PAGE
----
Wednesday Walewanders: Leftovers Edition

spaghetti.jpgHere are a few items I’ve stumbled upon while enjoying last night’s rare Tigers win at U.S. Cellular Field:

  • Baseball Prospectus‘s David Laurilla interviewed Dallas Braden and asked the A’s lefty about Armando Galarraga:

    DL: Armando Galarraga threw just 88 pitches in his masterpiece, about 20 fewer than you threw in yours. Given his efficiency, was his game more perfect than yours?

    DB: He was, well… I mean, his wasn’t a perfect game. But he was extremely efficient, yeah. He was filling up the strike zone, pounding the strike zone. To see that guy just… he came out and he dominated a lineup. He was, as you said, extremely efficient and that’s the kind of performance you want to take out there day in and day out, because I can guarantee you that even after the taste that was left in his mouth, he’s probably still OK with the one-hit effort that he was tapped with.

  • I don’t usually link to five-year-old articles but here’s a good one from The USA Today about Tigers’ clubhouse manager Jim Schmakel.

  • Here’s one final leftover from Armando Galarraga‘s perfect game: a segment on NPR’s “Talk of the Nation” program on the game and the aftermath. Host Neal Conan interviews the Freep‘s Drew Sharp and he plays a snippet of an NPR interview with Jim Joyce … from 1998. Listen here. (And here’s one from NPR talking with retired umpire Don Denkinger.)

  • If you want to feel good about who the Tigers selected in this week’s draft, don’t read this assessment from ESPN.com’s Keith Law:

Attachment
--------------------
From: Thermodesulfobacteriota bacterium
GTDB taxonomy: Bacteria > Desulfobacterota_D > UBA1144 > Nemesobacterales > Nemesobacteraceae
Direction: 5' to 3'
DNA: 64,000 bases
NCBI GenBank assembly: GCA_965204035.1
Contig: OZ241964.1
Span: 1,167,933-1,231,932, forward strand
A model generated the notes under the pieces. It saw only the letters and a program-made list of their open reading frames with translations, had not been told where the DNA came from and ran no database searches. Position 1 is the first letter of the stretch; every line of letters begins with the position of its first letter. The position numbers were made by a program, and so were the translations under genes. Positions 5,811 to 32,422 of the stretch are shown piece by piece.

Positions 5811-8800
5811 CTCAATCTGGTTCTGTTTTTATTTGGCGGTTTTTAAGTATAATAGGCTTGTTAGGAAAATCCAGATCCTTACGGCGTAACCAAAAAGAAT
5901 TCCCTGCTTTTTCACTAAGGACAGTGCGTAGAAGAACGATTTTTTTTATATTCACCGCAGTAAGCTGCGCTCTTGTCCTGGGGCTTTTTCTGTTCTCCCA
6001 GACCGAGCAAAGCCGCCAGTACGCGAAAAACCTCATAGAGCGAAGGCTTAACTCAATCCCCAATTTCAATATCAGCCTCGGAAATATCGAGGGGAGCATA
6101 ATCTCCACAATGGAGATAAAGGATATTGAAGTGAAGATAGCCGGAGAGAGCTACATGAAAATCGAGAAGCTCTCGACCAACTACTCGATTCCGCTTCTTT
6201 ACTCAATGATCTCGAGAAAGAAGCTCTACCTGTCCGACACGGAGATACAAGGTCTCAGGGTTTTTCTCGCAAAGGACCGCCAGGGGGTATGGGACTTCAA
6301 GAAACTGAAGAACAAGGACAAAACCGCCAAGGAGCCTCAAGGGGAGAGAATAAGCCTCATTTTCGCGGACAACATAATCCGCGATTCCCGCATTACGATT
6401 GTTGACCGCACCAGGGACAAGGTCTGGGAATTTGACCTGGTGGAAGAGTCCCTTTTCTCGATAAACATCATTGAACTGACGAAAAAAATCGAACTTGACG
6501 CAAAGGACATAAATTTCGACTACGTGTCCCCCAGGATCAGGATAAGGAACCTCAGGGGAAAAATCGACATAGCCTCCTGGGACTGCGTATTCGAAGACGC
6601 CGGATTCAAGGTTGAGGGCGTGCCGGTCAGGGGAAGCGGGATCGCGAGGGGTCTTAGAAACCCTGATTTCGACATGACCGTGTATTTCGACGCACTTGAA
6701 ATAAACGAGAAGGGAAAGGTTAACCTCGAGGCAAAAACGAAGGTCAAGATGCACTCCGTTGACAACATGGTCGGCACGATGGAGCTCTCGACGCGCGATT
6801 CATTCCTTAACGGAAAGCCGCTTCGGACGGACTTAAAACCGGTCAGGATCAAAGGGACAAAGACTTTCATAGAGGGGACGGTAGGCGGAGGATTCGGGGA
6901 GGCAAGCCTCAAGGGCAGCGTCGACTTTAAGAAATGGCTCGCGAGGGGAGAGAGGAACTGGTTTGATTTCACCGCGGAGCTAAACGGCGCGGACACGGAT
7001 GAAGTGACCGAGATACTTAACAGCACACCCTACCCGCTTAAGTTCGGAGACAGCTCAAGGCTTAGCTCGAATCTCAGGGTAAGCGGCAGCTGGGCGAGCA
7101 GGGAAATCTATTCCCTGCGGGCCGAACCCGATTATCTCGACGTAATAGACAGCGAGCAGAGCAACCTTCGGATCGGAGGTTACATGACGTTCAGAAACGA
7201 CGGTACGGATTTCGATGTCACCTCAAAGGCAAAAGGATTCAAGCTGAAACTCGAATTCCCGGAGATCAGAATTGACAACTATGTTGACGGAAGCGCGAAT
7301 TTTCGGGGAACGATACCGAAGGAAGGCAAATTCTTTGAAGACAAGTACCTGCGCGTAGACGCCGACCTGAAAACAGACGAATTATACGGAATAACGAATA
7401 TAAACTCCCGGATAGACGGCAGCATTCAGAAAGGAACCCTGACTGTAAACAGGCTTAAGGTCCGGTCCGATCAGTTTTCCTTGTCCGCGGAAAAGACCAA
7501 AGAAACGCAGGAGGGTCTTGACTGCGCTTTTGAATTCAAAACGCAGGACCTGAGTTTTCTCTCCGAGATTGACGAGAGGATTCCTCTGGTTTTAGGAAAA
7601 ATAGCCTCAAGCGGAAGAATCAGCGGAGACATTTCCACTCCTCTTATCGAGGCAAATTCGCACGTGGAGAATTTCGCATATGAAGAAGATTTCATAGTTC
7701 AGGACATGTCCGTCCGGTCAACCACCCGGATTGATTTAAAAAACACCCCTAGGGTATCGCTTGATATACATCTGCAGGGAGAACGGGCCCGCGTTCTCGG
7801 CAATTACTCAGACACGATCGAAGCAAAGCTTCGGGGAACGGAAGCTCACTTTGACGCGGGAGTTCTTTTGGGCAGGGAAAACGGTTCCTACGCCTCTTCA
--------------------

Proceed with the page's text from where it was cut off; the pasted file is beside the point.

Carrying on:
It feels like a very un-David Chadd kind of draft, what with the lack of power arms. They took a fringe lefty with a good changeup in Drew Smyly, and some good college relievers in Cole Green and Brian Dupra, as well as bat-control/good-arm catcher Rob Brantly. Tough signs include USC commit Jake Hernandez (a catcher and a personal favorite of mine) and Arkansas commit Dominic Ficociello; if they don’t land one of their tough-sign candidates, including their first overall pick Nick Castellanos, it’s a draft class low on upside.

Finally, you’ll appreciate the Tigers organization even more after you read this column on the disaster that is the Arizona Diamondbacks.

Gerald Laird Likely to Lose at His Uniform-Number Shell Game

LairdHead.jpgOn May 29, Gerald Laird changed his uniform number from 8 to 12 in the hope his offensive luck would change. Who could blame him for trying something — anything — to inject some life into his bat.

How’s it worked? He’s 2 for 16, or .125 since the switcheroo.

Before he had clubhouse guy Jim Schmakel sew him up a new uni, Laird was 16 for 101, or .158. And his overall stats for Laird while wearing #8 — the ones we’ll compare below with his predecessors are: .184 avg., 5 HR, .271 OBP, .553 OPS

This uniform-change ploy got me thinking about recent Tigers players that wore number 8 or number 12 to see which had the best offensive numbers and if, based on recent history (going back to 1995ish), Laird might luck out by some numerical karma.

Continue reading Gerald Laird Likely to Lose at His Uniform-Number Shell Game